The youth at the Student Voice BC Okanagan Regional Forum showed they have a good grasp of the positives and negatives of the use of technology.
The conference brought more than 40 student representatives and their teacher reps from around the Okanagan together to discuss ethical behaviours and technology.
The presentations after group discussions raised a variety of issues, including, cyber-bullying, how much personal information is available to anyone on the internet, how far “rumours” can spread, how anonymity gives people courage to say things they would never say in person, misinformation, the ability to do serious research quickly, the development of a new social etiquette, on-line support groups, making and keeping in touch with friends in other countries, new ways to cheat at school because students can buy essays online, a sense of invincibility and increased danger to people who do not know how to safely use technology such as social networks.
“Student Voice is a way for students to give opinions, to tell administrators what they think, with the results from forums going to the Ministry of Education,” said Courtney Woo, a Grade 10 Kalamalka secondary student who is an Okanagan Student Voice representative. “We are talking about how the world is changing because of technology, how things like a student being attacked at a party can be filmed and put on YouTube for everyone to see, and how to be careful and responsible in using technology.”
Sonia Kelly, Grade 10, Kalamalka secondary, is also an Okanagan Student Voice representative.
“We have been talking about how ethical behaviour can be maintained when people’s behaviour in general is being changed because of technology. I personally try not to use social networking too much and be careful about what information I am sharing,” she said.
Kelly and Woo will be attending a BC Student Voice provincial forum in Vancouver in April.
Speaker Const. Kathy Szoboticsanec, RCMP school liaison officer, told the forum that technology has changed life for people of all ages.
“We are now talking at elementary schools about things that used to be dealt with at high school,” she said. “I sometimes get called to a school to see threats on Facebook pages. When I ask the person who wrote the threats to read them out loud, it’s hard for them, they wouldn’t say it to a person’s face. A lot of the things posted that I deal with are in fact criminal offences.”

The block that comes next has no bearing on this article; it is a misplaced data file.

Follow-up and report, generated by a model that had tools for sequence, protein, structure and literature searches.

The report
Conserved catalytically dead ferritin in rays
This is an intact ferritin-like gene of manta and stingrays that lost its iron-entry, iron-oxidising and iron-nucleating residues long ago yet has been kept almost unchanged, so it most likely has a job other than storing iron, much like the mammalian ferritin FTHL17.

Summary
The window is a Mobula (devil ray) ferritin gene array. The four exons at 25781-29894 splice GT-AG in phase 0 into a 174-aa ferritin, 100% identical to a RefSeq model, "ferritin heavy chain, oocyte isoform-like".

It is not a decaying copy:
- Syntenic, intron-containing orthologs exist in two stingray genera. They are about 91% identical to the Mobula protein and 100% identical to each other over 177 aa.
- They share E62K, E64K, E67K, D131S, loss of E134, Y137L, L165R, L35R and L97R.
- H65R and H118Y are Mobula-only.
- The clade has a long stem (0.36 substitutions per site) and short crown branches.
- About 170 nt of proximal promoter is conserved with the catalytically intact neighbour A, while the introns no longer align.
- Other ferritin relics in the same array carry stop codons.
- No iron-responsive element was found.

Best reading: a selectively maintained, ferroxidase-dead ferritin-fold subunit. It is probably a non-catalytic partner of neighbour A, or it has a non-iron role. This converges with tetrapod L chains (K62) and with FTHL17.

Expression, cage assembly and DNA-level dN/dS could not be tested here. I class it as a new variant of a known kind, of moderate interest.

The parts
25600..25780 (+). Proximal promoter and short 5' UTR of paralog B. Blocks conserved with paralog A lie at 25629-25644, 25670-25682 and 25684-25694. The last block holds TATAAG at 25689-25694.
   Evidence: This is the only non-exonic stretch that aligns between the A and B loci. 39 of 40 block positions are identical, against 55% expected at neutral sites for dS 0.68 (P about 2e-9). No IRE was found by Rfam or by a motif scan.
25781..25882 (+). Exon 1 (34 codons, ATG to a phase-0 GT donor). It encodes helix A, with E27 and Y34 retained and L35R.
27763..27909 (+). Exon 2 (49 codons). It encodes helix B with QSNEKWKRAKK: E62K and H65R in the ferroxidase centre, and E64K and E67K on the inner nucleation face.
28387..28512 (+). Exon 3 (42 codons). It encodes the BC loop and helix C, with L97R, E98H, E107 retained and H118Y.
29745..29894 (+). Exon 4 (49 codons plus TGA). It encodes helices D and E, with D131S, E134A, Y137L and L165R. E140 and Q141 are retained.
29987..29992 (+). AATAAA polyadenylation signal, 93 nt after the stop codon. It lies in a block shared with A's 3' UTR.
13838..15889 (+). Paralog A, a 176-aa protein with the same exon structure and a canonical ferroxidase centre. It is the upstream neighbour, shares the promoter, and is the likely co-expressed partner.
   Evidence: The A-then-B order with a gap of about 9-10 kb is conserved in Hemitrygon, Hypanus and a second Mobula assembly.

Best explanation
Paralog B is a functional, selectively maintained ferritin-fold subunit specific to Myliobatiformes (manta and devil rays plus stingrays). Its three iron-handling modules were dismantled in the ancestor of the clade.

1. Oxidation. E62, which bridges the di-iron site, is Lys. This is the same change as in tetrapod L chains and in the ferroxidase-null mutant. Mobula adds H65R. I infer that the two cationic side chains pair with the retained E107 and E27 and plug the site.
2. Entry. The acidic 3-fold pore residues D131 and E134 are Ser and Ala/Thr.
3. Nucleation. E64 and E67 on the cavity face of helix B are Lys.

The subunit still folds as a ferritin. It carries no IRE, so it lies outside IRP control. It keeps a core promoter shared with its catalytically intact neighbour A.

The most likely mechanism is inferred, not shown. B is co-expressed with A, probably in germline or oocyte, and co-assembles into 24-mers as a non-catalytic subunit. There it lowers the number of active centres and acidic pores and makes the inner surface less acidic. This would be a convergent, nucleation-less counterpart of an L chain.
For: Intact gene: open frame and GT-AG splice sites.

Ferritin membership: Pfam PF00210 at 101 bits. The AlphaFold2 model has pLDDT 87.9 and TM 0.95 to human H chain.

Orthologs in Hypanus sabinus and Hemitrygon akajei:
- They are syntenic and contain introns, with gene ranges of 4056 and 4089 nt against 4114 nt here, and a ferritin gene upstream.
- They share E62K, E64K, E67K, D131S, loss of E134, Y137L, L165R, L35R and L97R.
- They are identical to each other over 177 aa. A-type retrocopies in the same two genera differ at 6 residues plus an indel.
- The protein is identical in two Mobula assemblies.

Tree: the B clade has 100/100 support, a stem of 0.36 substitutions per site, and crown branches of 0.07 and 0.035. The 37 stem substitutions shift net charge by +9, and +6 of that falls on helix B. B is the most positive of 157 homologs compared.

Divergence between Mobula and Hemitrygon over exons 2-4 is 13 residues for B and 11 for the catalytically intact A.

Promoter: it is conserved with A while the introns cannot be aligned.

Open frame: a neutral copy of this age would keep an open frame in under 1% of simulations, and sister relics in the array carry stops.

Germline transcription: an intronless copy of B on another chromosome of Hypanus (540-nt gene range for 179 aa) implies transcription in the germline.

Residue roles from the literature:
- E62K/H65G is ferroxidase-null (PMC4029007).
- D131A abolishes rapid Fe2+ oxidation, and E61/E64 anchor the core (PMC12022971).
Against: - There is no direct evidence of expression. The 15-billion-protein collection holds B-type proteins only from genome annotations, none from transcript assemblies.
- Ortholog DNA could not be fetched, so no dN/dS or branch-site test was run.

The internet can be used for the offences of uttering threats, harassment, extortion, and when pictures are involved the offences are also serious.
“If someone under 18 posts an inappropriate picture of themselves of someone else to even one person, it can get posted all over the world. That can be possession of or distribution of child pornography and those are chargeable offences. What is it going to look like when you go to apply to university or for a job or to volunteer and there’s something like that on your record? You can be placed on a list of sexual offenders. It can affect you for the rest of your life,” said Szoboticsanec.
She urged the students to think carefully about what they post, no matter how funny or innocent it seems.
The discussion also touched on how photos can be manipulated and a person’s face put on an inappropriate photo that they had nothing to do with.
Szoboticsanec said while technology is making her job and that of all police more difficult, it is also making it easier as personal videos can be used as police evidence.
“You may think it’s cool but it’s not so cool when a cop gets a hold of it. You can make a difference when you see something that is inappropriate or unacceptable. Refuse to watch it, don’t take part or, if someone is getting hurt, tell someone who can stop it: your parents, teachers or the police. As a police officer, I deal with the victims and families involved and it can be very difficult what they go through, even the suicides of young people who are bullied,” she said.
Anyone who is involved in any way with making or sending videos or messages that hurt someone in some way becomes responsible, as a witness or a suspect.
“I want to draw awareness to this because using technology responsibly can save a life or a reputation. I’m impressed with the ideas you have brought up here today and I hope you will take this back to your schools,” she said.
The students ended the day with developing plans to improve ethical behaviour with technology in their schools.
Students from A.L. Fortune, Charles Bloom, Clarence Fulton, Kalamalka, Vernon, W.L. Seaton, Mt. Boucherie and Salmon Arm also attended. Guests were Vernon School District superintendent Bev Rundell and director of student learning Joe Rogers.